But even when conflicting loyalties can lead to potentially physical, rather than just mental, consequences, people will always make a choice to fall on one side or other of a dividing line. Take, for instance, Nicolaus Copernicus, a man born and raised in Catholic Poland (and educated in Catholic Italy). Though the Catholic church dictated specific scientific teachings, Copernicus' loyalty to his own observations and scientific evidence won out over his loyalty to his country's government and belief system. When he published his heliocentric model of the solar system--in opposition to the geocentric model that had been widely accepted for hundreds of years (Hannam, 2011)-- Copernicus was making a choice between his loyalties. In an attempt t o maintain his fealty both to the established system and to what he believed, h e sat on his findings for a number of years (Fantoli, 1994). But, ultimately, Copernicus made the choice to side with his beliefs and observations above all and published his work for the world to see (even though, in doing so, he risked both his reputation and personal freedoms).

These two paragraphs provide the reasons why the author supports the main argument and uses substantiated sources to back those reasons.

The paragraph on cognitive dissonance theory gives both broad supporting evidence and more narrow, detailed supporting evidence to show why the thesis statement is correct not just anecdotally but also scientifically and psychologically. First, we see why people in general have a difficult time accepting conflicting loyalties and desires and then how this applies to individuals through the example of the cult members from the Dr. Festinger's research.

The next paragraph continues to use more detailed examples from history to provide further evidence of why the thesis that people cannot indefinitely maintain conflicting loyalties is true.

Paragraph 4

Some will claim that it is possible to maintain conflicting beliefs or loyalties permanently, but this is often more a matter of people deluding themselves and still making a choice for one side or the other, rather than truly maintaining loyalty to both sides equally. For example, Lancelot du Lac typifies a person who claims to maintain a balanced loyalty between to two parties, but his attempt to do so fails (as all attempts to permanently maintain conflicting loyalties must). Lancelot tells himself and others that he is equally devoted to both King Arthur and his court and to being Queen Guinevere's knight (Malory, 2008). But he can neither be in two places at once to protect both the king and queen, nor can he help but let his romantic feelings for the queen to interfere with his duties to the king and the kingdom. Ultimately, he and Queen Guinevere give into their feelings for one another and Lancelot—though he denies it—chooses his loyalty to her over his loyalty to Arthur. This decision plunges the kingdom into a civil war, ages Lancelot prematurely, and ultimately leads to Camelot's ruin (Raabe, 1987). Though Lancelot claimed to have been loyal to both the king and the queen, this loyalty was ultimately in conflict, and he could not maintain it.

Here we have the acknowledgement of a potential counter-argument and the evidence as to why it isn't true.

The argument is that some people (or literary characters) have asserted that they give equal weight to their conflicting loyalties. The refutation is that, though some may claim to be able to maintain conflicting loyalties, they're either lying to others or deceiving themselves. The paragraph shows why this is true by providing an example of this in action.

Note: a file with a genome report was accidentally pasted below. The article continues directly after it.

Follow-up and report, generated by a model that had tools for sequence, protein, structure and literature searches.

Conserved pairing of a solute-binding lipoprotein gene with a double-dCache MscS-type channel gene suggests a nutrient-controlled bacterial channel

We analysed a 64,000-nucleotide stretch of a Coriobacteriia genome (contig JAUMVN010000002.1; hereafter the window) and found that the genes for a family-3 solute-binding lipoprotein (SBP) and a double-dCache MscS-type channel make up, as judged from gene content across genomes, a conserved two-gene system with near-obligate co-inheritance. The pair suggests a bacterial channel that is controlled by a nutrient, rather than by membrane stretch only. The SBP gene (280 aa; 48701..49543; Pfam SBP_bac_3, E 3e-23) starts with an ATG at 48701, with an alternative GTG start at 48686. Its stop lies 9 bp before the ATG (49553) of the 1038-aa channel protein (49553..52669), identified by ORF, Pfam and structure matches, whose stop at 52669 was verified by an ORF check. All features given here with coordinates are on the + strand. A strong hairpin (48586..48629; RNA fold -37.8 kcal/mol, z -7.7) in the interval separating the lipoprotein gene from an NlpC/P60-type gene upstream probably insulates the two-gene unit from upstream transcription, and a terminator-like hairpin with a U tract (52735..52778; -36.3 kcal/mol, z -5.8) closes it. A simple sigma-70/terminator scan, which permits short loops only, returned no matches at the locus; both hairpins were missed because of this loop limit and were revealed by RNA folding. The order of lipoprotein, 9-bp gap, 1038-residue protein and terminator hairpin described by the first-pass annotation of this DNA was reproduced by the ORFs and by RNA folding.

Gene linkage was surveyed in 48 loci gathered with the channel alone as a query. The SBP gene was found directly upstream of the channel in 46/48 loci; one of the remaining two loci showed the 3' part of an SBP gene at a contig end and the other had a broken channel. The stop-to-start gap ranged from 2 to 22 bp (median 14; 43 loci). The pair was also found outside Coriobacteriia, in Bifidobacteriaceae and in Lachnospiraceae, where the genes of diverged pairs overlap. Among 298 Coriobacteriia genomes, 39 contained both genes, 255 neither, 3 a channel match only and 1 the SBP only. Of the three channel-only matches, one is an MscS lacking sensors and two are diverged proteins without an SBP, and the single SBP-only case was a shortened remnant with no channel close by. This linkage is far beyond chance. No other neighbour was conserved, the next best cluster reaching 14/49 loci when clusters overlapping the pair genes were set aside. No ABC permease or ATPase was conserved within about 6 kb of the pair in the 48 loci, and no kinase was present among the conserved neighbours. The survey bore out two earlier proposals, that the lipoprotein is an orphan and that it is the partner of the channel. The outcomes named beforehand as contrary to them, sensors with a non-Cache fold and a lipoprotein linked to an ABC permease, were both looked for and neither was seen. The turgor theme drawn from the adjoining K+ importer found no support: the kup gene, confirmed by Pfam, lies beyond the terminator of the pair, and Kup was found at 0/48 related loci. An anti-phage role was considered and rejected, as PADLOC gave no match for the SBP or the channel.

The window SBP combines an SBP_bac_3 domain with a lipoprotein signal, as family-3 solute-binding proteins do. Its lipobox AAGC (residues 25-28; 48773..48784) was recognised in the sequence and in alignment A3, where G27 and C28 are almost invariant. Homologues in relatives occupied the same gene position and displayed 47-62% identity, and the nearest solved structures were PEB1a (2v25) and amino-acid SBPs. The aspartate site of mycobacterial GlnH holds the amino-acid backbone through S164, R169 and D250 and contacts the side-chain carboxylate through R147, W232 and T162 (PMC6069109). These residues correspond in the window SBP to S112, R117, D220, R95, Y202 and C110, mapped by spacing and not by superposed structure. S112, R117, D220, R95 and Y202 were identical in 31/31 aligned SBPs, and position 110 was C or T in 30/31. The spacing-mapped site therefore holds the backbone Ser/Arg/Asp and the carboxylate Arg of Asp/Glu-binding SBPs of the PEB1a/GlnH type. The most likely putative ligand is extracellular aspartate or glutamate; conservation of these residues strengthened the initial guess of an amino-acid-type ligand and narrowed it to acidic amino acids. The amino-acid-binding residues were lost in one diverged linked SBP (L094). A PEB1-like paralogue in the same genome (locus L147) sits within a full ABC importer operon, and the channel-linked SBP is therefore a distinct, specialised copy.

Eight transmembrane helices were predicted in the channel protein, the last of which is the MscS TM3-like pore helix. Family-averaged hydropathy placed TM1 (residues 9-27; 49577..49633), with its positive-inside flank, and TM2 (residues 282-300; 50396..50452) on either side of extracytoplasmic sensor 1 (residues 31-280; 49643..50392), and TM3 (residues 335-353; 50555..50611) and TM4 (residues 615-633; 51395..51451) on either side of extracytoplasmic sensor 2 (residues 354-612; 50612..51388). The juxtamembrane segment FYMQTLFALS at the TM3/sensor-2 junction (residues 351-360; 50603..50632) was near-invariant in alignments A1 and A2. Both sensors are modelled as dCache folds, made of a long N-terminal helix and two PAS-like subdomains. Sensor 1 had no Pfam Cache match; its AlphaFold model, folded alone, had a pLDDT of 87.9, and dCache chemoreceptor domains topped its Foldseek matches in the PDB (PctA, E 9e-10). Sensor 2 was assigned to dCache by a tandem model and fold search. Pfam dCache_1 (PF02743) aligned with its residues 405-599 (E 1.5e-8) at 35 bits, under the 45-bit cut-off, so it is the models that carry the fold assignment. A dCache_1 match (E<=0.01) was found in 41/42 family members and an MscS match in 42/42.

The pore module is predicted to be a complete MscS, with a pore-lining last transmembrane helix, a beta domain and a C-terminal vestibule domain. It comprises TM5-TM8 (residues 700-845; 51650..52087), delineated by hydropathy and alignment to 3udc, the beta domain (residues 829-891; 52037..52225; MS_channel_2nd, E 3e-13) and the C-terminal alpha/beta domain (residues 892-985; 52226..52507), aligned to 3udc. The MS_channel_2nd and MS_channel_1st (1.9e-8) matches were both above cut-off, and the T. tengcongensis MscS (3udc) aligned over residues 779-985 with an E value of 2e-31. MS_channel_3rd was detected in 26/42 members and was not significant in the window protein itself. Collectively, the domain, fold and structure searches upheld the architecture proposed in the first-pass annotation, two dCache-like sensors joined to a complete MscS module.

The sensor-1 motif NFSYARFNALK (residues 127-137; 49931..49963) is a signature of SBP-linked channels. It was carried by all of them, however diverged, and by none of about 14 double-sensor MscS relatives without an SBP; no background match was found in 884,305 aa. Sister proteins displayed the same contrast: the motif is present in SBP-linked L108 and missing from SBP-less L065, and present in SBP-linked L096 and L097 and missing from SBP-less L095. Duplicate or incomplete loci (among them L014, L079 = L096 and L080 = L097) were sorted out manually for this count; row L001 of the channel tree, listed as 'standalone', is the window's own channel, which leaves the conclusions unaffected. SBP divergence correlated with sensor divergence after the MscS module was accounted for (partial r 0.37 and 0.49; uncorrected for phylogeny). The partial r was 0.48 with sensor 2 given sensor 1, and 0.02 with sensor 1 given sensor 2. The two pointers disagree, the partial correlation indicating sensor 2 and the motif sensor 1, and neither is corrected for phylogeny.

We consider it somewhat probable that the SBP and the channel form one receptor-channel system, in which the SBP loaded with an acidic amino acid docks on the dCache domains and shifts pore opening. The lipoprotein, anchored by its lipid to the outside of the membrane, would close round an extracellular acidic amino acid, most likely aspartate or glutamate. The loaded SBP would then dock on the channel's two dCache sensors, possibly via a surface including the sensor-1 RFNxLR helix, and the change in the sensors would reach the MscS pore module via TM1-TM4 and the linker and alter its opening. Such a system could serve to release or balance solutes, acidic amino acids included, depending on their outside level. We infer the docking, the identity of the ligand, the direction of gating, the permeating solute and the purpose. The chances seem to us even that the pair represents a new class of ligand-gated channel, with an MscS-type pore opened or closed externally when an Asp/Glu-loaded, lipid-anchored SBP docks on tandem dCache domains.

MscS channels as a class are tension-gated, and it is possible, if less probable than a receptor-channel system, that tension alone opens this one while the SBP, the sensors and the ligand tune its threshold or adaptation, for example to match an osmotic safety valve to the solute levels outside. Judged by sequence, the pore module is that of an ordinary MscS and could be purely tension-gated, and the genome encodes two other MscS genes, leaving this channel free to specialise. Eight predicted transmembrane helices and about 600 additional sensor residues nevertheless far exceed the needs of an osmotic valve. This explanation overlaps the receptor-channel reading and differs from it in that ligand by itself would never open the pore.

Paragraph 5

Whether it be through literature or history, time and time again, people demonstrate the challenges of trying to manage conflicting loyalties and the inevitable consequences of doing so. Though belief systems are malleable and will often change over time, it is not possible to maintain two mutually exclusive loyalties or beliefs at once. In the end, people always make a choice, and loyalty for one party or one side of an issue will always trump loyalty to the other.

The concluding paragraph summarizes the essay, touches on the evidence presented, and re-states the thesis statement.

How to Write an Argumentative Essay: 8 Steps

Writing the best argumentative essay is all about the preparation, so let's talk steps:

#1: Preliminary Research

If you have the option to pick your own argumentative essay topic (which you most likely will), then choose one or two topics you find the most intriguing or that you have a vested interest in and do some preliminary research on both sides of the debate.

Do an open internet search just to see what the general chatter is on the topic and what the research trends are.

Did your preliminary reading influence you to pick a side or change your side? Without diving into all the scholarly articles at length, do you believe there's enough evidence to support your claim? Have there been scientific studies? Experiments? Does a noted scholar in the field agree with you? If not, you may need to pick another topic or side of the argument to support.

#2: Pick Your Side and Form Your Thesis

Now's the time to pick the side of the argument you feel you can support the best and summarize your main point into your thesis statement.

Your thesis will be the basis of your entire essay, so make sure you know which side you're on, that you've stated it clearly, and that you stick by your argument throughout the entire essay .

#3: Heavy-Duty Research Time

You've taken a gander at what the internet at large has to say on your argument, but now's the time to actually read those sources and take notes.